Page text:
Bo knows bass and his Classic title proves it
Only two Louisiana residents have ever won the prestigious Bassmaster Classic. Villis P. “Bo” Dowden is one of them and he had to go a long way to do it. He won the 1980 world championship on the most northern waters to ever host the event, the St. Lawrence River in New York.
He is also a member of the Louisiana Sports Hall of Fame. Dowden is a former marine dealer and now real estate agent on Toledo Bend. He qualified for and competed in a total of 14 Bassmaster Classics, including finishing in third in 1982. When he retired from competitive fishing in 2001, he had collected career winnings of $235,261 in sanctioned B.A.S.S. events. ESPN Outdoors and B.A.S.S. named him among the 35 greatest anglers of all-time in 2004.
Because of profound contributions to the legacy of our Louisiana outdoors, the Natchitoches fisherman was recently inducted into the Louisiana Chapter Outdoor Legends Hall of Fame.
“I’ve always loved fishing and I was just lucky enough to be good at it,” said the slow-talking, always serious sounding Dowden. “But you know, we’ve got so much to be thankful for in this country, I think it’s important that we all look at what is going on in this world and make sure we keep this nation free so people can make their own choices. I’m just glad that one of my choices was to fish. I don’t know how I ended up standing here, but I thank my family for their support and the good Lord for letting me be here.”
A crowd favorite
Dowden was a crowd favorite at tournament weigh-ins because of his down home steady pace and country slow talking. B.A.S.S. Founder and President Ray Scott frequently embellished Bo Dowden’s life story to fire up weigh-in crowds, sarcastically claiming that the slow moving angler was once a silver medalist in track in the1956 Olympics.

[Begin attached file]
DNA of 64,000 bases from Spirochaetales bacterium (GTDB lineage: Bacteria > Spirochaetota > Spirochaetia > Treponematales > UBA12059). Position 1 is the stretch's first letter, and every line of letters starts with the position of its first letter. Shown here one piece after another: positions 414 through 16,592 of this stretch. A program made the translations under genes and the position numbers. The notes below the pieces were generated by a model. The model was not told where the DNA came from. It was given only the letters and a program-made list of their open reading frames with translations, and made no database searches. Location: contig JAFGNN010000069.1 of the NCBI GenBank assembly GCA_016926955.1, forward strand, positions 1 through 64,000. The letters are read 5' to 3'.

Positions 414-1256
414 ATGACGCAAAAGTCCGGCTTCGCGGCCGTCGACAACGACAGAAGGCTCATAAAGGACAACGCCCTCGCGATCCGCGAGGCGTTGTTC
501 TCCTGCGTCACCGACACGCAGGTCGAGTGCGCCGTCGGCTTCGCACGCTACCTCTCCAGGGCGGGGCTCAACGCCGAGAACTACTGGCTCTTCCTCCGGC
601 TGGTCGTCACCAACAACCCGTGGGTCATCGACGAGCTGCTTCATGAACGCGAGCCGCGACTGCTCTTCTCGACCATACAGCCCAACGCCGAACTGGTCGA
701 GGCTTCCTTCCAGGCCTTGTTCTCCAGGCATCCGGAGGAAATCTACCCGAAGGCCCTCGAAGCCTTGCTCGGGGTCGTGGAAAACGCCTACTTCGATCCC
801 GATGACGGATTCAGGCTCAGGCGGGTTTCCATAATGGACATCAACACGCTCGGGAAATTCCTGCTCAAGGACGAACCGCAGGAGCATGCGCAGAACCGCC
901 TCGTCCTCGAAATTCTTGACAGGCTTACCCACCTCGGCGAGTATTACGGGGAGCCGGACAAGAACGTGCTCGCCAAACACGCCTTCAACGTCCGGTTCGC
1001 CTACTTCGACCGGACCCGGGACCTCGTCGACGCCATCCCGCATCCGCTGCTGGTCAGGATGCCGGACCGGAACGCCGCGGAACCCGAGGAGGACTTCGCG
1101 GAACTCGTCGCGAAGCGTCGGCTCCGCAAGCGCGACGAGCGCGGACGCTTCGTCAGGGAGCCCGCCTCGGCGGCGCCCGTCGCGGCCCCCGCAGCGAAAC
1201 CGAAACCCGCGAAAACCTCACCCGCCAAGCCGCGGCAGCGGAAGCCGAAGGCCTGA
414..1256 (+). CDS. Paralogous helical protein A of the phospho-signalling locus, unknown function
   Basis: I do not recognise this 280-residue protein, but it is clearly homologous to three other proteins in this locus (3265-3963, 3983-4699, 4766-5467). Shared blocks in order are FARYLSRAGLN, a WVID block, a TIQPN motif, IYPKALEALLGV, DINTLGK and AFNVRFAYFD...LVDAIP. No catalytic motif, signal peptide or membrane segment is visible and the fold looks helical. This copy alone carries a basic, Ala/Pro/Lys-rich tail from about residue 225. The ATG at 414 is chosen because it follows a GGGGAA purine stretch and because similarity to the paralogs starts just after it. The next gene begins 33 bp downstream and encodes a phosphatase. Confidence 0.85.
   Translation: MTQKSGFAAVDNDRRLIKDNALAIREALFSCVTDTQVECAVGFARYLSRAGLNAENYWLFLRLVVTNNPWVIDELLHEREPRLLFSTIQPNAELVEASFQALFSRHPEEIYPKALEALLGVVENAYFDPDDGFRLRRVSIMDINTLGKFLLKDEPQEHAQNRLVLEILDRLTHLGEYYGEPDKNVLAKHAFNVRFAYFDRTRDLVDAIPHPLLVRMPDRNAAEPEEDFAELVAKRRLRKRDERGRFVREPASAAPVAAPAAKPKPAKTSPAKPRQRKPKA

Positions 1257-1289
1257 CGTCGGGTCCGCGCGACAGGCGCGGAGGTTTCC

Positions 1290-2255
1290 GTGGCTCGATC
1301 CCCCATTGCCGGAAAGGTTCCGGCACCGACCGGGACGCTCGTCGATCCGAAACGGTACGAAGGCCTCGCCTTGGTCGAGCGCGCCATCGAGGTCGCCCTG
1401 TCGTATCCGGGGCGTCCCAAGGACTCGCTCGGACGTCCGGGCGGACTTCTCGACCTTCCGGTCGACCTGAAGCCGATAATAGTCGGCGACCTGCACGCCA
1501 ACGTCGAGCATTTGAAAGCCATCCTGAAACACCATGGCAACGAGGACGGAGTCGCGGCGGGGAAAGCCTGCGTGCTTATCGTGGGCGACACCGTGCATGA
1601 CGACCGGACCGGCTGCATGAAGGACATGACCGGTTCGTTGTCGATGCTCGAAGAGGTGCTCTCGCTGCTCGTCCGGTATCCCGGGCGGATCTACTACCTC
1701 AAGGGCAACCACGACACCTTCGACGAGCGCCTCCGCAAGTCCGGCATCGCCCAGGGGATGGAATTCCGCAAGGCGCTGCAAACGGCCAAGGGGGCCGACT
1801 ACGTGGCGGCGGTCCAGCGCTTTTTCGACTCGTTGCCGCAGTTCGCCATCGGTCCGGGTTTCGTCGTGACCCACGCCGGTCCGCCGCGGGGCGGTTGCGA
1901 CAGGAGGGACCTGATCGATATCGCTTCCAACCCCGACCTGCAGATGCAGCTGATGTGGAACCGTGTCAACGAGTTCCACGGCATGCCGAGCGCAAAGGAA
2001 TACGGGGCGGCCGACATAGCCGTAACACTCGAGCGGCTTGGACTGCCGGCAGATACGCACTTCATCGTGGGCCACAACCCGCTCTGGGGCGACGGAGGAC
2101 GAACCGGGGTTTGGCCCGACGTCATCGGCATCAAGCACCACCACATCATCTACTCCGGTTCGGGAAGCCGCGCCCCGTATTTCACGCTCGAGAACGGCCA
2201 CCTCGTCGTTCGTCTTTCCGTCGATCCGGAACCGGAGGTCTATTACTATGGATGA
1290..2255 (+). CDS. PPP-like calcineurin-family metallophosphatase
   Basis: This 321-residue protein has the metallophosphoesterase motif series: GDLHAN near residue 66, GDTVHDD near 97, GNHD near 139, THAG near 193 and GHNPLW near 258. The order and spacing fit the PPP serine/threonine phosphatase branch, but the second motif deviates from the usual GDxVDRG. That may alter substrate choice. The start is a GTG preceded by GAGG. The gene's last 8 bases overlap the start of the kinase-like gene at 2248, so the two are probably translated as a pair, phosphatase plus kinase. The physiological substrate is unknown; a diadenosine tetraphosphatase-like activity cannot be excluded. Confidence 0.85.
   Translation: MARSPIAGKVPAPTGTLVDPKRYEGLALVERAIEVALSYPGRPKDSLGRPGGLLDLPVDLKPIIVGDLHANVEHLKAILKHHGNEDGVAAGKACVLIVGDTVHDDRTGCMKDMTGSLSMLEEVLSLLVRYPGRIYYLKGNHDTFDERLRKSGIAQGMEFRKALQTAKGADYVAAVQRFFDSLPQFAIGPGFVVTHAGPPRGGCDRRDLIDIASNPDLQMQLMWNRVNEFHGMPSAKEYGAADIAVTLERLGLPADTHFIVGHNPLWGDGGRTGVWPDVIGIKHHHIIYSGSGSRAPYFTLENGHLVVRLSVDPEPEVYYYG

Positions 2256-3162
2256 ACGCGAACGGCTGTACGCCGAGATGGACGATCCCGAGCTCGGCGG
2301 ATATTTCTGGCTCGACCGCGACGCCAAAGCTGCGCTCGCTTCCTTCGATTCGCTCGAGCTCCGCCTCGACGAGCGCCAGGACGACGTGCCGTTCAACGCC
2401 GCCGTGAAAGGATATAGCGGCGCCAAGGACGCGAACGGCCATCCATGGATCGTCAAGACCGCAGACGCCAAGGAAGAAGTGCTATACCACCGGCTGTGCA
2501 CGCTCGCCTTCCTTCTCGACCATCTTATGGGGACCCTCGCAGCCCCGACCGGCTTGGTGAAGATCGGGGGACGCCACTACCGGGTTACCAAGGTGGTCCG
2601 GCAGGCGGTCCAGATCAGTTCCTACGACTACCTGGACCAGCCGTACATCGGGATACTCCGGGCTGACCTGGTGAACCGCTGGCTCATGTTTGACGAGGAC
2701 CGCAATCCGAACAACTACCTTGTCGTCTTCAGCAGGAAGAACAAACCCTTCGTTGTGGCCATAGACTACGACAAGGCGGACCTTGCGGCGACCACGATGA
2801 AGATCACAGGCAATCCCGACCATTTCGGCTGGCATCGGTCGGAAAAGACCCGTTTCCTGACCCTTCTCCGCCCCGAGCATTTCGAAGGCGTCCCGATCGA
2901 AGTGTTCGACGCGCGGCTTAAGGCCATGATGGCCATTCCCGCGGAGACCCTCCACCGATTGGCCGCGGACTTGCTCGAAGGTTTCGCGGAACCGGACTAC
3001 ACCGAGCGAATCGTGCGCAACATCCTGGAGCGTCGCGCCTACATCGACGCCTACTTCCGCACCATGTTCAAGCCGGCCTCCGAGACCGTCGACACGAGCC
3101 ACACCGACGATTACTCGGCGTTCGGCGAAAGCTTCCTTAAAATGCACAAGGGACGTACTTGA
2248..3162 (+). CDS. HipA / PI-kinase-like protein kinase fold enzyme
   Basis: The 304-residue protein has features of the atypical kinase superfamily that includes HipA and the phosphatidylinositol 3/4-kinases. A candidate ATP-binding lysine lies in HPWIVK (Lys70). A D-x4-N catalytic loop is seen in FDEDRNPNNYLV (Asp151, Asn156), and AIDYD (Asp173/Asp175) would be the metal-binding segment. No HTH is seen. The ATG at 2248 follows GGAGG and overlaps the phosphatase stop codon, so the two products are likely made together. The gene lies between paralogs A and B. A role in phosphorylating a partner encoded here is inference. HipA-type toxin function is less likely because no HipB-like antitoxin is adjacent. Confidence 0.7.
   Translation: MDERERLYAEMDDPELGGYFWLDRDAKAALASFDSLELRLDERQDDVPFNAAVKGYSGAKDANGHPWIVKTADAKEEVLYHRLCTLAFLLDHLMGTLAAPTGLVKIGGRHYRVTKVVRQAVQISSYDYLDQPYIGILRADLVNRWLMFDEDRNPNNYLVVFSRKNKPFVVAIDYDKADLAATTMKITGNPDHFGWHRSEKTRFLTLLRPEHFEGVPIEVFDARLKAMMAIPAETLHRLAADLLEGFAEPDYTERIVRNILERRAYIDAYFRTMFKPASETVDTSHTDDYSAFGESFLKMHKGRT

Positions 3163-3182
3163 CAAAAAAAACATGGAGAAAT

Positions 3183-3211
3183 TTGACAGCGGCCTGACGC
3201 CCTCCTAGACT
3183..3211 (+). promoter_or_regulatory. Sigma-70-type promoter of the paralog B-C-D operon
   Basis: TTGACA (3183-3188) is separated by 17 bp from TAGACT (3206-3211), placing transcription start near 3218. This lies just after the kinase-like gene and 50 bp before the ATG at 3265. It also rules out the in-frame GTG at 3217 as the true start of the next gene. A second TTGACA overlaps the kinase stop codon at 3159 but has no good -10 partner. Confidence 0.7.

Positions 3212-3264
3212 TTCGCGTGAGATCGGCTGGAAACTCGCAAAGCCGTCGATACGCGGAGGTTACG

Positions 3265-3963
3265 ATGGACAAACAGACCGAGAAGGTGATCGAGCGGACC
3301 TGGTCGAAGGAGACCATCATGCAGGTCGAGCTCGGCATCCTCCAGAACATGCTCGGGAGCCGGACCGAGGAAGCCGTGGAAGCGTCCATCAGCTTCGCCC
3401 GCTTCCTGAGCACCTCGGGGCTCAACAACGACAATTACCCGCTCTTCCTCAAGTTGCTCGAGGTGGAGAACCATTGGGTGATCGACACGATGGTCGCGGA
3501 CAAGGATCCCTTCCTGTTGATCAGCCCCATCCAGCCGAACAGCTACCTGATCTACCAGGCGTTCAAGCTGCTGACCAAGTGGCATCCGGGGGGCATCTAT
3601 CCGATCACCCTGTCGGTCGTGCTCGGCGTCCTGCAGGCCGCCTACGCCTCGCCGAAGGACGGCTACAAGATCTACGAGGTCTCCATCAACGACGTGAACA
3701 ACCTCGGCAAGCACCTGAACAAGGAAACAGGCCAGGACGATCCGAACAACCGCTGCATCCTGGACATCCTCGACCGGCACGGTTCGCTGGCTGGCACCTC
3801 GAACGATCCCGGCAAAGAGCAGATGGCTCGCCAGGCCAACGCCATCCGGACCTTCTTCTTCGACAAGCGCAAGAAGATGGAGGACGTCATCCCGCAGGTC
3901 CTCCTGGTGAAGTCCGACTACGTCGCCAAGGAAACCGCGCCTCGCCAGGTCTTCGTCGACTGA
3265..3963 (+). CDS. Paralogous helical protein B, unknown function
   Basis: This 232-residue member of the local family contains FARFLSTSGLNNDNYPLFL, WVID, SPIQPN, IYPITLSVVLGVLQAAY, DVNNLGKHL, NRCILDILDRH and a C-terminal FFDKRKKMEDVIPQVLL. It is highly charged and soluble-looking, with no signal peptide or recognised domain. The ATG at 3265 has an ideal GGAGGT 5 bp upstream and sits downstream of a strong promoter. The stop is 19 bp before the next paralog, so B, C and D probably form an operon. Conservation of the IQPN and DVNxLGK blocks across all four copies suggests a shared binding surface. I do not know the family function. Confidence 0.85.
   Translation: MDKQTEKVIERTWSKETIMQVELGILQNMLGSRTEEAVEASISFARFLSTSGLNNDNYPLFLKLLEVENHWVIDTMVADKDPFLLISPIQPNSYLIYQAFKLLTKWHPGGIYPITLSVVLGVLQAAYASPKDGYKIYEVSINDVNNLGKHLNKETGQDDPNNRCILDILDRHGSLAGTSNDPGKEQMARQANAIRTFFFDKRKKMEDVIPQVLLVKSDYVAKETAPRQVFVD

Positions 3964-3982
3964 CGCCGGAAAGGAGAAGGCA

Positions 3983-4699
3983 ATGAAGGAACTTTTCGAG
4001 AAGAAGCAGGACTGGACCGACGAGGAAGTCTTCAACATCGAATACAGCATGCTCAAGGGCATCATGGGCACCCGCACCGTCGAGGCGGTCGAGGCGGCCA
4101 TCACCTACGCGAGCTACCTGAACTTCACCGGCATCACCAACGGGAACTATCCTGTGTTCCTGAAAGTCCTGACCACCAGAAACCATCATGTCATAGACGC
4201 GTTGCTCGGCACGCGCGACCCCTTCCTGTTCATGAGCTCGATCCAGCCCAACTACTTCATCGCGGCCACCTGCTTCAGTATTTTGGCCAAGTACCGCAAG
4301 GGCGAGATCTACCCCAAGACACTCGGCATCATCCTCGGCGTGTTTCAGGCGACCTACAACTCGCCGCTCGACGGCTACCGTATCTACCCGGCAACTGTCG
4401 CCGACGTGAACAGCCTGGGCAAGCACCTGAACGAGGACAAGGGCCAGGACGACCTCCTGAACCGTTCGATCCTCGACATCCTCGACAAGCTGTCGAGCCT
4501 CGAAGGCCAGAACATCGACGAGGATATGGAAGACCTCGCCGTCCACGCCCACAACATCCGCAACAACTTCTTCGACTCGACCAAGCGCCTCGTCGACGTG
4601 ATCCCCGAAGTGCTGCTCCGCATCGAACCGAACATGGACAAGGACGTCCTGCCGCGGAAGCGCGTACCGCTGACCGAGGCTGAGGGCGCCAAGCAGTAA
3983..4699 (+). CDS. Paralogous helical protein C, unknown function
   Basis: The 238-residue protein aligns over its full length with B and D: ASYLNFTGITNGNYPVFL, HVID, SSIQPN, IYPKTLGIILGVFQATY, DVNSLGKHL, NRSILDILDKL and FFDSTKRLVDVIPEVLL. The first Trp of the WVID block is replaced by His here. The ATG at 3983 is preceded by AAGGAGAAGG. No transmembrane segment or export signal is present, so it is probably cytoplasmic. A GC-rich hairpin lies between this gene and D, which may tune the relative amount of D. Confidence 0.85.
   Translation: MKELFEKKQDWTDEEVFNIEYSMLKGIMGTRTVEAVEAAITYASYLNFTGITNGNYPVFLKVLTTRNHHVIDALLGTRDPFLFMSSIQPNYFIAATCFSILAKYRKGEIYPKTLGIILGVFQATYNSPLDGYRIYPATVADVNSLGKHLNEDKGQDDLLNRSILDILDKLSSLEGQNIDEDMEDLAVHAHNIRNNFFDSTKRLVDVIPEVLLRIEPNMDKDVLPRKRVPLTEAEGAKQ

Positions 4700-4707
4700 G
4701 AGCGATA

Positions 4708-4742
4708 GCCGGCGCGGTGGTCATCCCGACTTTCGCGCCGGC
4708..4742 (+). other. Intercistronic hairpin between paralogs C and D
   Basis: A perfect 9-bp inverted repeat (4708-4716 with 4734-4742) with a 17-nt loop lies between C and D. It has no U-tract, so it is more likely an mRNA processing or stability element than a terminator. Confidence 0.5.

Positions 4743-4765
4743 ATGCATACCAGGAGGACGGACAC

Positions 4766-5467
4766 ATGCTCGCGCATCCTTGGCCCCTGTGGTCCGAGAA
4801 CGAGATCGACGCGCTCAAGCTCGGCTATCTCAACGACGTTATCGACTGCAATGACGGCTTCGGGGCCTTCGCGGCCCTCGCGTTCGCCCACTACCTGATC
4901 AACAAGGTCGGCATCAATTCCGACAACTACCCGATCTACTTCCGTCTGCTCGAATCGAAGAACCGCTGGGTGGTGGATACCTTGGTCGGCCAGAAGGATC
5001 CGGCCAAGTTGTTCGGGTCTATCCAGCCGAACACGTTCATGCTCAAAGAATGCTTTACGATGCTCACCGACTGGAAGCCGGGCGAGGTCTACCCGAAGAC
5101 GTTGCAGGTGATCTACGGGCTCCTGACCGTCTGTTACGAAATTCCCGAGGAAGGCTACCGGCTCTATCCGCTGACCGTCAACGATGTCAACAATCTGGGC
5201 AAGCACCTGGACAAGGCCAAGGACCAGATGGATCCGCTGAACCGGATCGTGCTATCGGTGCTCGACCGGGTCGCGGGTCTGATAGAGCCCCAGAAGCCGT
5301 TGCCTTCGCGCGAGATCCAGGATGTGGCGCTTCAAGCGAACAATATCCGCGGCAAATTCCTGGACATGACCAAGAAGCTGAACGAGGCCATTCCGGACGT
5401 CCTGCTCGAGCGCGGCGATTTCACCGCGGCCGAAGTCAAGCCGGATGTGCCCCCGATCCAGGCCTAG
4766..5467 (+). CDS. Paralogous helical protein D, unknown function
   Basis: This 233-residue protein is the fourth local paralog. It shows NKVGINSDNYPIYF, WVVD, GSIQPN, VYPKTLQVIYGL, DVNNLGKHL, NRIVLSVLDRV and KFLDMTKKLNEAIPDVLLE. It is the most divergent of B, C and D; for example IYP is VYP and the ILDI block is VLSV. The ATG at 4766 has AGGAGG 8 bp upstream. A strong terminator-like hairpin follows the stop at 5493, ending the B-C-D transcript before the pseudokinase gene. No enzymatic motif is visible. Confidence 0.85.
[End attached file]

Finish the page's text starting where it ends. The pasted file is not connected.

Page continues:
Dowden’s Classic win is one of the most talked about in competitive bass fishing lore. He led the Classic from Day 1 and the final day was anything but easy. He was one fish short of his limit the final day and worried as he was barely leading another fairly well known angler, Roland Martin.
Bo made a classic move and tried new waters to get the last fish he needed to win. He wrestled his Ranger bass boat across the worst waves New York’s St. Lawrence River could summon. Doubt began to roll like whitecaps through his head. He was frazzled. Bo had finished second and third in previous Classics. He didn’t want that again.
Every fishermen in the tournament had a press angler who observed the day’s fishing, snapped photos and covered it for various media. I was blessed to be his Press Angler for that last day. Press Anglers usually fished out of the back of the boat to pass the day. On this day, with the weather and the waves so bad, I did not fish. I didn’t ever let go of the passenger side handrail except to snap pictures of Bo flopping fish on the deck.
Seeking the ‘Queen Bee’
Bo finally found a calm inlet. He got some bolts back in the Motor Guide trolling motor bracket, which had literally been ripped off the deck during the tempestuous ride down the St. Lawrence. He calmed his nerves by retying the only lure he fished with that day, a black jig-and-pig, and focused on one more good bite. There was no talking. No questions. No posing for pictures. Just the subtle “plink” of the lure hitting boulders and then the water.
Frazzled turned excited, then fearful, then hopeful. His Lew’s Speed Stick bent double. The drag gave line. Bo fell to his knees, as if trying to see underwater.
“Please don’t be a pike,” he said. “Dear Lord, please don’t let this be a pike”.
It wasn’t. It was a 6-pound, 6-ounce largemouth. He trembled as he held the big bass high in the air, then kissed her and called her “Queen Bee.” More like “Money Bee.” He didn’t know, but it had given him a 10-pound lead over Martin. Bo Dowden was a Bassmaster Classic champion.
Back in those days on the water, there were no camera boats, no cellphones, no fan flotillas… but Bo Dowden’s legend still lives.
The Legends Hall of Fame was founded by Garry Mason of Springville, Tennessee, in 2002 and the Louisiana Chapter of the Hall of Fame is headed up by Peyton McKinnie of Marion. You can find out more about the groups on their Facebook pages.
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